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Refutation and Relativism in Theaetetus 161-171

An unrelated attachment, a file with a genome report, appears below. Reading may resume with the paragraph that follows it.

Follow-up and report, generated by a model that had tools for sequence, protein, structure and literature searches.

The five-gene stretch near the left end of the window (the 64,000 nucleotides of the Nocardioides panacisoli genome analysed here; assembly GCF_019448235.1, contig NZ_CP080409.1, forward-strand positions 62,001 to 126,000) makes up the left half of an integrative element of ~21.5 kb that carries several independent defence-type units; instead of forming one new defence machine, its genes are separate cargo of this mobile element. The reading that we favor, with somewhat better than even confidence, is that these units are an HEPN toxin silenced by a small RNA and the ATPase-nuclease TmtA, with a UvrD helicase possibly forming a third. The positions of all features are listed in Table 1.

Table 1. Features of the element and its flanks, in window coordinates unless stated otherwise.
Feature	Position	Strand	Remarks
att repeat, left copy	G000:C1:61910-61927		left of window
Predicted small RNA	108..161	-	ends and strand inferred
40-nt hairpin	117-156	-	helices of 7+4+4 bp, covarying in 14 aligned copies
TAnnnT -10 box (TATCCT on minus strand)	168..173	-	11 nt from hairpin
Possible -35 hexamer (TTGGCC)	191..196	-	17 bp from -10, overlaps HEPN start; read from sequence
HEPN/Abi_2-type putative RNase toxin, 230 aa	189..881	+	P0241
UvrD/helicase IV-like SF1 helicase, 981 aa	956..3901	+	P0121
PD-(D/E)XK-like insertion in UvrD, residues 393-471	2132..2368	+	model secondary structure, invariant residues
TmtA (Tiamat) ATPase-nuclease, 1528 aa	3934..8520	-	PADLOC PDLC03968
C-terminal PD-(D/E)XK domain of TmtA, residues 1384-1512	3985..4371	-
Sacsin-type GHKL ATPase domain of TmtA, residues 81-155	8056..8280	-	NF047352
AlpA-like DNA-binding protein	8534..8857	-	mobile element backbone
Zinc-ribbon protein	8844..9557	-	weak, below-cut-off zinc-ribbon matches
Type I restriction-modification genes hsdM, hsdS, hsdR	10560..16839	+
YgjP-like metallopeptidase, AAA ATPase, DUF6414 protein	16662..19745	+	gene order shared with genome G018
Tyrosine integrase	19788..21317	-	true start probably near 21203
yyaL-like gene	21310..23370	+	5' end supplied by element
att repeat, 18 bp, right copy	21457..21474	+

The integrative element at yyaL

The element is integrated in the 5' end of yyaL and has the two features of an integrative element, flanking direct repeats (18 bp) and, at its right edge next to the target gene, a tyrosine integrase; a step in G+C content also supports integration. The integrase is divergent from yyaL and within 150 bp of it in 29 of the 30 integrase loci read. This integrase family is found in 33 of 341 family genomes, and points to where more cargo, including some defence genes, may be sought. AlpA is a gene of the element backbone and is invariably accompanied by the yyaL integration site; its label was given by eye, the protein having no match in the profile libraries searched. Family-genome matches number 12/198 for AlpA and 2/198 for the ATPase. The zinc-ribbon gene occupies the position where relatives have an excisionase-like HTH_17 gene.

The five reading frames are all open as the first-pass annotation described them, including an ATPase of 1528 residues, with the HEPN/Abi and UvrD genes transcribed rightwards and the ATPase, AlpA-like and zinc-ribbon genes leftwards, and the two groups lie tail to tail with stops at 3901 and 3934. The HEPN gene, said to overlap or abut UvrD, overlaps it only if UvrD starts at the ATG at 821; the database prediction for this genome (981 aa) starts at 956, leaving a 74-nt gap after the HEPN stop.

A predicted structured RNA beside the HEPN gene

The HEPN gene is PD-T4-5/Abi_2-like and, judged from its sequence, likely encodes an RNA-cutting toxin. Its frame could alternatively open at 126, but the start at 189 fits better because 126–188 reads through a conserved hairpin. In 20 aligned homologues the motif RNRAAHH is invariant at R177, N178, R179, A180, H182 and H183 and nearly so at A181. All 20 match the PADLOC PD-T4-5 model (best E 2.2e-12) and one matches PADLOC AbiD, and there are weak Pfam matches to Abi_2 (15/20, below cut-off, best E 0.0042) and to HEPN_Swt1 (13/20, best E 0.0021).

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In this paper I discuss the dialogues between 'Protagoras', Theodorus and Socrates in Theaetetus 161-171 and emphasise the importance for this passage of a dilemma which refutation is shown to pose for relativism at 161e-162a. I argue that the two speeches delivered on Protagoras' behalf contain material that is deeply Socratic and suggest that this feature of the speeches should be interpreted as part of Plato's philosophical case against relativism, reflecting the relativist's own inability to defend his theory from attempts to refute it. I then discuss Theodorus' role in the refutation of Protagoras and argue that his voice is needed to get relativism disproved in the self-refutation argument of 171a-c. I conclude with a brief discussion of the image of Protagoras at 171d.

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